April 13 – National Scrabble Day

By DiAnn Mills @DiAnnMills

I’m sure you find it no surprise that a writer celebrates National Scrabble Day. With gusto! Writers live and breathe words, and that means our favorite games focus on those gems that form the alphabet.

According to Wikipedia, “Scrabble is a word game in which two to four players score points by placing tiles, each bearing a single letter, onto a game board divided into a 15×15 grid of squares. The tiles must form words that, in crossword fashion, read left to right in rows or downward in columns, and be included in a standard dictionary or lexicon.”

As a girl, I played Scrabble with my dad. Soon my sister, brother, and mother joined in. We shared hours of fun enjoying healthy competition. Over the years, my enthusiasm for the game has continued. We’ve all drawn tiles that were all vowels, consonants, or letters in which we groaned at the selection.

Confession time: the last time I played with my then nine-year-old granddaughter, she beat me.

Here are a few Scrabble trivia facts:

  • Alfred Mosher Butts created Scrabble in 1933. Note, this was during America’s Great Depression. He needed a job!
  • The original name of the game was Lexico then Criss-Cross Words.
  • Game manufacturers nixed the whole idea of a word game.
  • In 1948, Scrabble was patented. Not-so-good sales.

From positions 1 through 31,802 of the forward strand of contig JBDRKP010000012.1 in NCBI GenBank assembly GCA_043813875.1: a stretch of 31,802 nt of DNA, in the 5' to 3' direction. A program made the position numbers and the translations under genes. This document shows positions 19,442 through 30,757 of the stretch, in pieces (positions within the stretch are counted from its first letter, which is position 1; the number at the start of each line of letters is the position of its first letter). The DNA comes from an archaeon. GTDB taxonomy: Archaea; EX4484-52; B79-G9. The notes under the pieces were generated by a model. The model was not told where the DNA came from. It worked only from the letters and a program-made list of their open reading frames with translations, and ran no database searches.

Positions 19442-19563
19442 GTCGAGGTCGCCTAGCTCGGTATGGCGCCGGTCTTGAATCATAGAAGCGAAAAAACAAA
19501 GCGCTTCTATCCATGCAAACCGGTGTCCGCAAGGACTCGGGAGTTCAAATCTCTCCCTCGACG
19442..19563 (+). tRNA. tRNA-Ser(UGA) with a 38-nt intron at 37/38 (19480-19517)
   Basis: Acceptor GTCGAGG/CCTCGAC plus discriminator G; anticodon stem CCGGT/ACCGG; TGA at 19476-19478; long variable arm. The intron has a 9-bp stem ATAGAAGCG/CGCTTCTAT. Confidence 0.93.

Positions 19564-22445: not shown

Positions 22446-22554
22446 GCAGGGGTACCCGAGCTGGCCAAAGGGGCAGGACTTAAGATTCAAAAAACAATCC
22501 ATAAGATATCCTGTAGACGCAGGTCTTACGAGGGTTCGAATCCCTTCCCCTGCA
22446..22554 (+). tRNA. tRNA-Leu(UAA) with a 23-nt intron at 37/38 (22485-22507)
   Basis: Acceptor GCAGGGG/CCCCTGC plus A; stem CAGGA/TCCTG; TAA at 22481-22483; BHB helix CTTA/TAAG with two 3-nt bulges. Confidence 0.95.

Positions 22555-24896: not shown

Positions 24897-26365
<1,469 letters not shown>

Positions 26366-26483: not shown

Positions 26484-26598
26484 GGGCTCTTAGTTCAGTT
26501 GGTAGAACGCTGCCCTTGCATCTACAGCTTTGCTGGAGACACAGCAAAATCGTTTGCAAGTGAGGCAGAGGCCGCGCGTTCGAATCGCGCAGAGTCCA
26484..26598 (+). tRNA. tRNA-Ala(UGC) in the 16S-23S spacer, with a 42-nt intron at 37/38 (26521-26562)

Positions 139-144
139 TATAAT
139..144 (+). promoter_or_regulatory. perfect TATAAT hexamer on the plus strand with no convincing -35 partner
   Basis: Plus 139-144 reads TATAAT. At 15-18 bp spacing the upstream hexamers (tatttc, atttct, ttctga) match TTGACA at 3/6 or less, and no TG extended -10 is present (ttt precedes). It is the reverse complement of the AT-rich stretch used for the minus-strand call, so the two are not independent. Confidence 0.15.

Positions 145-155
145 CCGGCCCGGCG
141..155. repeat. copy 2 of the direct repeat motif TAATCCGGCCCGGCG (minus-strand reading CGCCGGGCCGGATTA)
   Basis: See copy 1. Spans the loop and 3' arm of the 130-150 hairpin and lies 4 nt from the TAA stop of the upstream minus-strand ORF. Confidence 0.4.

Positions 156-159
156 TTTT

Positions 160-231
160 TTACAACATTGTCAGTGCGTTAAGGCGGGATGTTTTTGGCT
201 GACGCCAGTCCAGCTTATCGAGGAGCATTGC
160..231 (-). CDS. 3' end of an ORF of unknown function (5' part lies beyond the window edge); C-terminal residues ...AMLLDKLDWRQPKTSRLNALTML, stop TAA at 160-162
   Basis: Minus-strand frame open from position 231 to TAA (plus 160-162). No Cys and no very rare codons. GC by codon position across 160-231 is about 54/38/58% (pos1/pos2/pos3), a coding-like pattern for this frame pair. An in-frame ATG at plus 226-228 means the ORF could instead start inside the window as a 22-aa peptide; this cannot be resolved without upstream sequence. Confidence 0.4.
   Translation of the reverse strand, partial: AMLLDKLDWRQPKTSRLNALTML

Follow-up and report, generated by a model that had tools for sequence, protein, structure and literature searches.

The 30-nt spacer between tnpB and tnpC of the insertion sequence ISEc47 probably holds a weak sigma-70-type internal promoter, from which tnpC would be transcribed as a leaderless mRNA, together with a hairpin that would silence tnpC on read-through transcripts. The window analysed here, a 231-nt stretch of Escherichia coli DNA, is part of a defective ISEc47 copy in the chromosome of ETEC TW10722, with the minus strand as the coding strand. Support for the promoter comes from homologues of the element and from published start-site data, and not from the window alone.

• Slow start but Scrabble remains a popular game.

I found the history of SCRABBLE fascinating. Alfred Butts and his entrepreneur partner, James Brunot, demonstrated patience, persistence, and perseverance to achieve success. The two men believed in the game, and they proved to the world Scrabble’s worth.

Since the development of the game, Scrabble has stepped into the era of technological sophistication. Variations of the game keep the interest moving and players forming winning words.

In today’s busy world and especially during COVID, sometimes it’s hard to find time to gather with friends. Here are options for you to consider when you’re itching to put letters into words and friends are not with you.

Amazon & Barnes & Noble each have a variety of game offerings from the traditional board, a junior version, travel, and extra tiles when ones are lost.

Look at these 10 places to enjoy Scrabble as a single-player online. Be careful! You might become addicted!

Do you have a memory to share about playing Scrabble?